On August 15, 2020 we commemorate the 75th Anniversary of Victory in the Pacific and the end of World War Two.
On that day, the Imperial Japanese Army unconditionally surrendered to the Allies and the Second World War ended.
World War Two was of particular significance for Tasmania; providing more than 30,000 service personnel from a population of just 250,000.
It is also estimated that nearly 16,000 people, including 5,000 women, worked in factories and on the land to support the war effort and supply the armed forces with vegetables, dairy and meat products.
All Tasmanians are invited to recognise this important day and remember the 1,100 Tasmanians who lost their lives in World War Two.
Steve Grey recalls the stories told by his late father Flight Lieutenant Percy James Grey, Circular Head’s most highly decorated veteran from World War II.
Flight Lieutenant Percy James Grey enlisted on May 22, 1942 travelling around the world to join both the 51st and the 578 squadrons.
“Dad’s other claim to fame was that a boy from Smithton had travelled around the world,” Steve recalls.
“Travelling to England in ’43, he sailed to America before travelling across the country to Canada where he then sailed on to England.”
Flight Lieutenant Grey joined the Royal Airforce, fighting for Britain as a tail gunner in three operations. Enduring being shot at in a night fight near Nuremberg, Germany, and surviving an emergency landing in England with no undercarriage and the plane careering down the runway after being shot by anti-aircraft over Berlin.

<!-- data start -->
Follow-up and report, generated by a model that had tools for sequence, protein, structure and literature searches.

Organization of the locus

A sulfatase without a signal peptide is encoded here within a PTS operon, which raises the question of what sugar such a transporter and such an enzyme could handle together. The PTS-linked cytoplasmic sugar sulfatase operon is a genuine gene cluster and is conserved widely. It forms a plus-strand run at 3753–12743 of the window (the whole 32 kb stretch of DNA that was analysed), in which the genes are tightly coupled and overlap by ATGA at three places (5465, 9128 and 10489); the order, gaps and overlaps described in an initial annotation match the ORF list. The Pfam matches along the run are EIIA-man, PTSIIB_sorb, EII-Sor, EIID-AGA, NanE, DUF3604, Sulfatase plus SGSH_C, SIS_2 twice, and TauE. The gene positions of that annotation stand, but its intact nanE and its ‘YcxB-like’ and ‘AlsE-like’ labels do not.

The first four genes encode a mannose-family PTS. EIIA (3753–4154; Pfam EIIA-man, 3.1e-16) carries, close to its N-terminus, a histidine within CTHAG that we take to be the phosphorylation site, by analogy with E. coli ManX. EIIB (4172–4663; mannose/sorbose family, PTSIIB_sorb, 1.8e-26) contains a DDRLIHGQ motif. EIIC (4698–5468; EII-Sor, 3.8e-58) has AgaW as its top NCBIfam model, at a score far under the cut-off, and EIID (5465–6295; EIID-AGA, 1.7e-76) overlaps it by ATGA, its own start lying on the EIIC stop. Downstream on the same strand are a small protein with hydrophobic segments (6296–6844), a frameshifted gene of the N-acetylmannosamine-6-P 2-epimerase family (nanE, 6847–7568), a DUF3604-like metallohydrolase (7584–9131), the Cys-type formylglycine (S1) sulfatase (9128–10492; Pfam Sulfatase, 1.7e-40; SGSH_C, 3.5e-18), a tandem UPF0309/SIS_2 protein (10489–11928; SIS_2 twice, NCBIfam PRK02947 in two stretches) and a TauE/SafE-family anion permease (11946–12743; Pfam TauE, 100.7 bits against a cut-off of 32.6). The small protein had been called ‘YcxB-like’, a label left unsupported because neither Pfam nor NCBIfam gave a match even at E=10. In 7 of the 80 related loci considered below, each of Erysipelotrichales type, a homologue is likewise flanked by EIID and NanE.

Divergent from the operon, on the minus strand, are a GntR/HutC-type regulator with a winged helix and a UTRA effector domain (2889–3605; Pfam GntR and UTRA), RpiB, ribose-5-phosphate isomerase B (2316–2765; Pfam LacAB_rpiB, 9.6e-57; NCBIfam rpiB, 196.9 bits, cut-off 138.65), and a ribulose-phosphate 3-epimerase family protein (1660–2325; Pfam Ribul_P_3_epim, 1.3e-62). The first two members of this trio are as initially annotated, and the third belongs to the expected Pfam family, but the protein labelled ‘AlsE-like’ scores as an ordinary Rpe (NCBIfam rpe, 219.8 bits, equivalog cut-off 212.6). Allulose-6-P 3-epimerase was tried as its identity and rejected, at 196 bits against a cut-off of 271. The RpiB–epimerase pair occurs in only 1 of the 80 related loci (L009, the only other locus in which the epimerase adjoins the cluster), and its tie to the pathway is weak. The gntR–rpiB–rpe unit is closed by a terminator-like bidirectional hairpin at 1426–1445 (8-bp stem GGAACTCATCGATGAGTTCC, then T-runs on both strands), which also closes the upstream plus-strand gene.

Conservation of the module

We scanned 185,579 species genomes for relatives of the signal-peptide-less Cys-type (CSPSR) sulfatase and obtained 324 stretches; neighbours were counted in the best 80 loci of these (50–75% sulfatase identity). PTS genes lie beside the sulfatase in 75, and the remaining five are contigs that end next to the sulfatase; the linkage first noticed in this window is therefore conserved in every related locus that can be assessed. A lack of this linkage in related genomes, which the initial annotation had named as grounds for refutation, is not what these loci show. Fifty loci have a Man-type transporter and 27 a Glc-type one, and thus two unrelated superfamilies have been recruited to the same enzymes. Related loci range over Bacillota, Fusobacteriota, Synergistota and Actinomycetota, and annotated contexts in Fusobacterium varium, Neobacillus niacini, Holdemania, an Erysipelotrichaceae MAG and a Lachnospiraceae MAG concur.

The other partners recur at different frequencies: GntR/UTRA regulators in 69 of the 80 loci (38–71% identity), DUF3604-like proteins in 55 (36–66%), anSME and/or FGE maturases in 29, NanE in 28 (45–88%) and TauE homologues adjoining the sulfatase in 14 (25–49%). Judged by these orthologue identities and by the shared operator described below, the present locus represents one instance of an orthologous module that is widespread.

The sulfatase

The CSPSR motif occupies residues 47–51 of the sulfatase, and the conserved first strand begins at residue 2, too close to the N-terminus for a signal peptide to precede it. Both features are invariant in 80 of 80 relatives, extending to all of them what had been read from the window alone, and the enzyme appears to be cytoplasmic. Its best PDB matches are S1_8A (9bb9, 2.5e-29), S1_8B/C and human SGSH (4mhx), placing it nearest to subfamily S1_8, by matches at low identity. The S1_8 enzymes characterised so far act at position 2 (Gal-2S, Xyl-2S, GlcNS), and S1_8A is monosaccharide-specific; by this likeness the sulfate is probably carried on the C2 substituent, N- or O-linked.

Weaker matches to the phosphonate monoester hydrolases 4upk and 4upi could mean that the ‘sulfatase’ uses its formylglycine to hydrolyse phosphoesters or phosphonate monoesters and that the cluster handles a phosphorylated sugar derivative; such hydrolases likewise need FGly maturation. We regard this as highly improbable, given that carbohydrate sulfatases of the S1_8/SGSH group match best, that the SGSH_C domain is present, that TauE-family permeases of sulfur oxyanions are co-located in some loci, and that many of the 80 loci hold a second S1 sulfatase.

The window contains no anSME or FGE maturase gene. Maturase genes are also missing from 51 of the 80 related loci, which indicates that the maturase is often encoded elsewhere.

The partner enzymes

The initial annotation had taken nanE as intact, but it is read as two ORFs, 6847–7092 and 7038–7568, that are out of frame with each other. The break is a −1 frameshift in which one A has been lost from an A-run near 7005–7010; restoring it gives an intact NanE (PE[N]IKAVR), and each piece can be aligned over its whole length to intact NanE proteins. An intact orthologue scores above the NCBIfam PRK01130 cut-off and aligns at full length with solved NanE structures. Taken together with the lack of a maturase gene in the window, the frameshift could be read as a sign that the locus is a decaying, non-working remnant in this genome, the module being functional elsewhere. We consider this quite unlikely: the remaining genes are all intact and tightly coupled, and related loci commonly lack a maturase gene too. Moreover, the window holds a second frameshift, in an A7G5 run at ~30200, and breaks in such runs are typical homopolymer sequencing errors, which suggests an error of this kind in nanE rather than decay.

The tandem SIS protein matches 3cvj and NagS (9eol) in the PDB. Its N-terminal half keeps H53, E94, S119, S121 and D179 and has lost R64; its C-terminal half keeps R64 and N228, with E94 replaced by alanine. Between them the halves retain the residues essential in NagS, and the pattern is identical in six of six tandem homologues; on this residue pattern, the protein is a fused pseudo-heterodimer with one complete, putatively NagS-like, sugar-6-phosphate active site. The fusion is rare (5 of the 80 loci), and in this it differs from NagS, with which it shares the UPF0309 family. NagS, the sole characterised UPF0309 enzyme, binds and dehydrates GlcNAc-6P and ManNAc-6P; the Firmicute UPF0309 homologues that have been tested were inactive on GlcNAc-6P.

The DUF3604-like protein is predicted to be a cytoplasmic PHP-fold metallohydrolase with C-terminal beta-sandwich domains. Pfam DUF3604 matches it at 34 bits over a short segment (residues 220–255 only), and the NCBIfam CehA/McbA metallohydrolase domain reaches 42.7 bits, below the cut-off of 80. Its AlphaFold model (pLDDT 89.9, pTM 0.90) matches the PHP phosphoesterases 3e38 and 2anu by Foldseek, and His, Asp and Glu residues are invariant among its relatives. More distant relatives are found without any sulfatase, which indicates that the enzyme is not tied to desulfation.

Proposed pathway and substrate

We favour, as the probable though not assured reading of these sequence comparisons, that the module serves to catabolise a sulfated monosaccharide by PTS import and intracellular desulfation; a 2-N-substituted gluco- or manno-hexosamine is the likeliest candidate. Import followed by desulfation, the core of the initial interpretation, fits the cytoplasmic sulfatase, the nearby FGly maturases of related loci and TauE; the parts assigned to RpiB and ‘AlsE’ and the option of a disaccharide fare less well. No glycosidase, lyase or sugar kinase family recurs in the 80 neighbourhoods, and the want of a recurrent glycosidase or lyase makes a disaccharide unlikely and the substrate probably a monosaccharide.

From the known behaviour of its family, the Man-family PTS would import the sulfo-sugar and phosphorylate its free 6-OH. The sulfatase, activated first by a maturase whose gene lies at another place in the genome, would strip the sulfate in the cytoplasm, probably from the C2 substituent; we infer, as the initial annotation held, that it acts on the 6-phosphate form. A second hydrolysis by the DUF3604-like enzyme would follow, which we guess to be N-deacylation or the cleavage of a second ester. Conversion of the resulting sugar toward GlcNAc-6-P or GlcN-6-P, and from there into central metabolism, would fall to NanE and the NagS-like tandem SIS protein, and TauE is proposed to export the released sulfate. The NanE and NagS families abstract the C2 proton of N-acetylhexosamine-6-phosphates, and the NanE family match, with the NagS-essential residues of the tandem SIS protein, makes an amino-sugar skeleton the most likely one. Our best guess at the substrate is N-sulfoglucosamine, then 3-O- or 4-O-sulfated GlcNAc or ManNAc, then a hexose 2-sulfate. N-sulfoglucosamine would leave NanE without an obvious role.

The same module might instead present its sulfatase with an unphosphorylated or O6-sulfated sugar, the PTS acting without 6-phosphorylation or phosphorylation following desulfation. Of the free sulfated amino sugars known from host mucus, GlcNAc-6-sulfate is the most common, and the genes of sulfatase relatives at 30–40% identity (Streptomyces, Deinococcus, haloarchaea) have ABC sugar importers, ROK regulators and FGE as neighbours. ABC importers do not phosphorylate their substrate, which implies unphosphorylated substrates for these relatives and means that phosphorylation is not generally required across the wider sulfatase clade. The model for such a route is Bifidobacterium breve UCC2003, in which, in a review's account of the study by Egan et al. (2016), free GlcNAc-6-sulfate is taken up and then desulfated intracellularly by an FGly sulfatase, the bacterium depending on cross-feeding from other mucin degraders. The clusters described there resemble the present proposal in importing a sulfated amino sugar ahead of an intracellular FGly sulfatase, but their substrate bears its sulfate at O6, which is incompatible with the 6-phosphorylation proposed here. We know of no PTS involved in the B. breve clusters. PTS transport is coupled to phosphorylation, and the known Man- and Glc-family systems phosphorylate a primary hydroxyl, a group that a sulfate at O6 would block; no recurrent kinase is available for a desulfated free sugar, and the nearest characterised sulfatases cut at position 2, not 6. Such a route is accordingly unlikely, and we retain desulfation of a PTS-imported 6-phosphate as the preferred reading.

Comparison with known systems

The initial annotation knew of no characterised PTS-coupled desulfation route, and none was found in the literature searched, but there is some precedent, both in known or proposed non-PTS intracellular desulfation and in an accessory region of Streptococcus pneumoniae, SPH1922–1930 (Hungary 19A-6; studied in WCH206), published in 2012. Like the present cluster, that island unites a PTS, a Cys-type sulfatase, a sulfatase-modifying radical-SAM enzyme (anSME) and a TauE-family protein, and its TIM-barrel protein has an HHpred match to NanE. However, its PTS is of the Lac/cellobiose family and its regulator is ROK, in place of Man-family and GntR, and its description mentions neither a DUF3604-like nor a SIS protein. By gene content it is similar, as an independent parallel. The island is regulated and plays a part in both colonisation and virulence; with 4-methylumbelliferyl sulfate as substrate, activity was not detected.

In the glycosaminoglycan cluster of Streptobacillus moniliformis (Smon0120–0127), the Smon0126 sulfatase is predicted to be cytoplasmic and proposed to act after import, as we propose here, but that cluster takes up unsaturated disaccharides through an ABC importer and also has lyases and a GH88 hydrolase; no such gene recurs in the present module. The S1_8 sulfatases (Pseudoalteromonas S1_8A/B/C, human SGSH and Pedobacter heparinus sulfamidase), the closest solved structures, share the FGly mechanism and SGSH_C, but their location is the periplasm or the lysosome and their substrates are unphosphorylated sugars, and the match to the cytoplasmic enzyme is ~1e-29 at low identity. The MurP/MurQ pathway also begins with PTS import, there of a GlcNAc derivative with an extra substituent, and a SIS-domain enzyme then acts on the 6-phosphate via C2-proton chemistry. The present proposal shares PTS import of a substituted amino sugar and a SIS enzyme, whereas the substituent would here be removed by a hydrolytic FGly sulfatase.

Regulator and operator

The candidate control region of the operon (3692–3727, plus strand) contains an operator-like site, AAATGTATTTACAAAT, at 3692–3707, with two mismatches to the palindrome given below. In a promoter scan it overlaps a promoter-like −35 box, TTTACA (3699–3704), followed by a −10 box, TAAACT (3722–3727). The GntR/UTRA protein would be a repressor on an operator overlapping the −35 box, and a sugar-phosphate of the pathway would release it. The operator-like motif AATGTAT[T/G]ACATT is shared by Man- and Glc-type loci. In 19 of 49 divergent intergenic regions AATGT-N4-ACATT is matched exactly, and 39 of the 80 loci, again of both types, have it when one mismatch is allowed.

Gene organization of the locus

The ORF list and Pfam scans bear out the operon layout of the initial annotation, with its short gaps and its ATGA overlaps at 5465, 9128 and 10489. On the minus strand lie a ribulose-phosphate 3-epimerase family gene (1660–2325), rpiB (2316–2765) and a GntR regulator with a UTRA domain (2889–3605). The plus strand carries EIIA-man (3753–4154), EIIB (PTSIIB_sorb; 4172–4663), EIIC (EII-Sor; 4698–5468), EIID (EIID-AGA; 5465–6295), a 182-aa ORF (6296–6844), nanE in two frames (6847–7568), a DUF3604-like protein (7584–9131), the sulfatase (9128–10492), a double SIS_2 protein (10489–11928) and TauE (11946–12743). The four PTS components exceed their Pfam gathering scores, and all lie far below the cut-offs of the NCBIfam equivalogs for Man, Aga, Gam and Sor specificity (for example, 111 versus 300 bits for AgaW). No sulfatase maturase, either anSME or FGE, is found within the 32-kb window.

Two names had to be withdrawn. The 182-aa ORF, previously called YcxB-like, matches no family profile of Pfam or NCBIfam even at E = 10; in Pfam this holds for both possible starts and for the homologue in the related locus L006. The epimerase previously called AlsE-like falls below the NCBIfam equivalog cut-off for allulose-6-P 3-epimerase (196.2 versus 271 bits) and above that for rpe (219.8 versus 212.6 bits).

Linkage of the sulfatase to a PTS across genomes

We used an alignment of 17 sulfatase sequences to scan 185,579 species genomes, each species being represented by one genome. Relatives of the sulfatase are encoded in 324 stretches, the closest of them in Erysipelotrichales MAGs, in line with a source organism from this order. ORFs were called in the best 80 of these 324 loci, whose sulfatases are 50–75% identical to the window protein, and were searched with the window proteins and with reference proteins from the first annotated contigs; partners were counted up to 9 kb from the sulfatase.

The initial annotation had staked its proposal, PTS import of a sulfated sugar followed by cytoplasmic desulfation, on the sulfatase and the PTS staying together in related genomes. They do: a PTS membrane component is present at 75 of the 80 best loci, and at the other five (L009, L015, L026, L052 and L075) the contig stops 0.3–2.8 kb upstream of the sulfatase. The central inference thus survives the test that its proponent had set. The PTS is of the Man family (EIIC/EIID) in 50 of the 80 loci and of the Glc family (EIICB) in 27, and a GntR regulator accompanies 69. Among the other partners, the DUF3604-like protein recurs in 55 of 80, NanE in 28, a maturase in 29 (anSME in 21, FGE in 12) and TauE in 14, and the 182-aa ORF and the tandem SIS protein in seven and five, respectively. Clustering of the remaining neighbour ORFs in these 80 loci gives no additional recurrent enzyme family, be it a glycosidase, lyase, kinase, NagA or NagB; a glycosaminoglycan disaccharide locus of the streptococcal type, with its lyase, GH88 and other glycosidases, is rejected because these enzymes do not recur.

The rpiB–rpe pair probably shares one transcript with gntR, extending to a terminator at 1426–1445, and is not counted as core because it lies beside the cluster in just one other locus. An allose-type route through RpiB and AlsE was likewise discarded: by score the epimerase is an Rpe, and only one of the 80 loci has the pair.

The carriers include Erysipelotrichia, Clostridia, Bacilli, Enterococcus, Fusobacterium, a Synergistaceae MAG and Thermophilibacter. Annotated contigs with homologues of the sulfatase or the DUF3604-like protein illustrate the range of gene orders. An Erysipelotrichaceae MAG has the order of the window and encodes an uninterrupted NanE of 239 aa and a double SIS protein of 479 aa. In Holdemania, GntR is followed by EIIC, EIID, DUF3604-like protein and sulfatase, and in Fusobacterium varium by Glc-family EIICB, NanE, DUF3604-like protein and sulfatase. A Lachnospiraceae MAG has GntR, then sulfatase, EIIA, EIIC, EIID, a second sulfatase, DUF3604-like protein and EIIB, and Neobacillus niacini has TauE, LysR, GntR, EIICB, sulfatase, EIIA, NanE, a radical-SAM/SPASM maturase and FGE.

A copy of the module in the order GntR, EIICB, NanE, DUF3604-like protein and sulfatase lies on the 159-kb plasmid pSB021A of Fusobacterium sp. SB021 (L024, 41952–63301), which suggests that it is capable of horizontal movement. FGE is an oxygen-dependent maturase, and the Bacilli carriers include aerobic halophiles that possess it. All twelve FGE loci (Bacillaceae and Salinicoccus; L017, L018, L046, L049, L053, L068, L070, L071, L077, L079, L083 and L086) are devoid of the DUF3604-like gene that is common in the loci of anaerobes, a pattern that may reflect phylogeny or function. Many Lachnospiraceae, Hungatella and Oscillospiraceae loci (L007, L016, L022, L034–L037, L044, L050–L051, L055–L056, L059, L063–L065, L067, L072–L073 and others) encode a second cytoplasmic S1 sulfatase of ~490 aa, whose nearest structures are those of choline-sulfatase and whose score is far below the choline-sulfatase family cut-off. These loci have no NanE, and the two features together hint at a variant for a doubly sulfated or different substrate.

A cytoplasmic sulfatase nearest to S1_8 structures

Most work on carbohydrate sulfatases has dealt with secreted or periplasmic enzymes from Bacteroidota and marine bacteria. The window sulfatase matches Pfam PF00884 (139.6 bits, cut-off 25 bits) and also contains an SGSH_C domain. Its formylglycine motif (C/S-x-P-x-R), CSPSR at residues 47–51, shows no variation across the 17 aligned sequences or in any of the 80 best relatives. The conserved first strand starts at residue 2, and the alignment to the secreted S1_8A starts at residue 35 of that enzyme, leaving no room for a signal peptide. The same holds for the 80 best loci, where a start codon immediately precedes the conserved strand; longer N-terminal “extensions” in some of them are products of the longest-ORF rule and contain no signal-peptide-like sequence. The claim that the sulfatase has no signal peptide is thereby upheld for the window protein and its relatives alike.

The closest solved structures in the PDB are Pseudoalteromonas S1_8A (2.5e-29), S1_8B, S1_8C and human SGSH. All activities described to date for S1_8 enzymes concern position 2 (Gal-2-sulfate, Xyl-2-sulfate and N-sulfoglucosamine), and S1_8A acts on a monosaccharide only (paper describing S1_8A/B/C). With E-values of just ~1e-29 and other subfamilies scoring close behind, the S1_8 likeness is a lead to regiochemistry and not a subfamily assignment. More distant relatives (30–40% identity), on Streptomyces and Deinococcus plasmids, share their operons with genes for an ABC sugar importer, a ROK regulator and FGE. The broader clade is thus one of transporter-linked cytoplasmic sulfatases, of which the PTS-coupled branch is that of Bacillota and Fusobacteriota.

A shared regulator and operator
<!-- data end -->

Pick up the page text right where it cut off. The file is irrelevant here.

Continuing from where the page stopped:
“Dad also played a part in the bombings on D-Day,” Steve said.
During World War II [1939-1945], the Battle of Normandy, which lasted from June 1944 to August 1944, resulted in the Allied liberation of Western Europe from Nazi Germany’s control. Codenamed Operation Overlord, the battle began on June 6, 1944, also known as D-Day.
Flight Lieutenant Grey was discharged from Squadron 51 on August 23, 1945 with the Distinguished Flying Cross.
He returned home to Smithton where he worked in his families cordial factory on Goldie Street, before becoming a licensed book maker.
Flight Lieutenant Grey died in 1959 aged 48 years.
Tune in to the national commemorative service being held at the Australian War Memorial commencing at 9.30am and broadcast on ABC after 9.30am.
There will be a small private Tasmanian service held at 11am at Government House.
This service is not open to the public. Bells will ring across Australia on the day.
In Tasmania the bells at St. David’s Cathedral will ring at 12pm.
Smithton Anglican Parish’s Joel Nankervis will ring the bells in time with the rest of Australia.
The Australian Government’s Department of Veterans’ Affairs will make available a medallion and certificate to every living veteran of the Second World War.
This is a small but meaningful way to thank living veterans of the largest global conflict of the 20th century.
Applications to receive the medallion and certificate can be made by visiting the DVA website here or for those without access to the internet, by phoning 1800 838 372.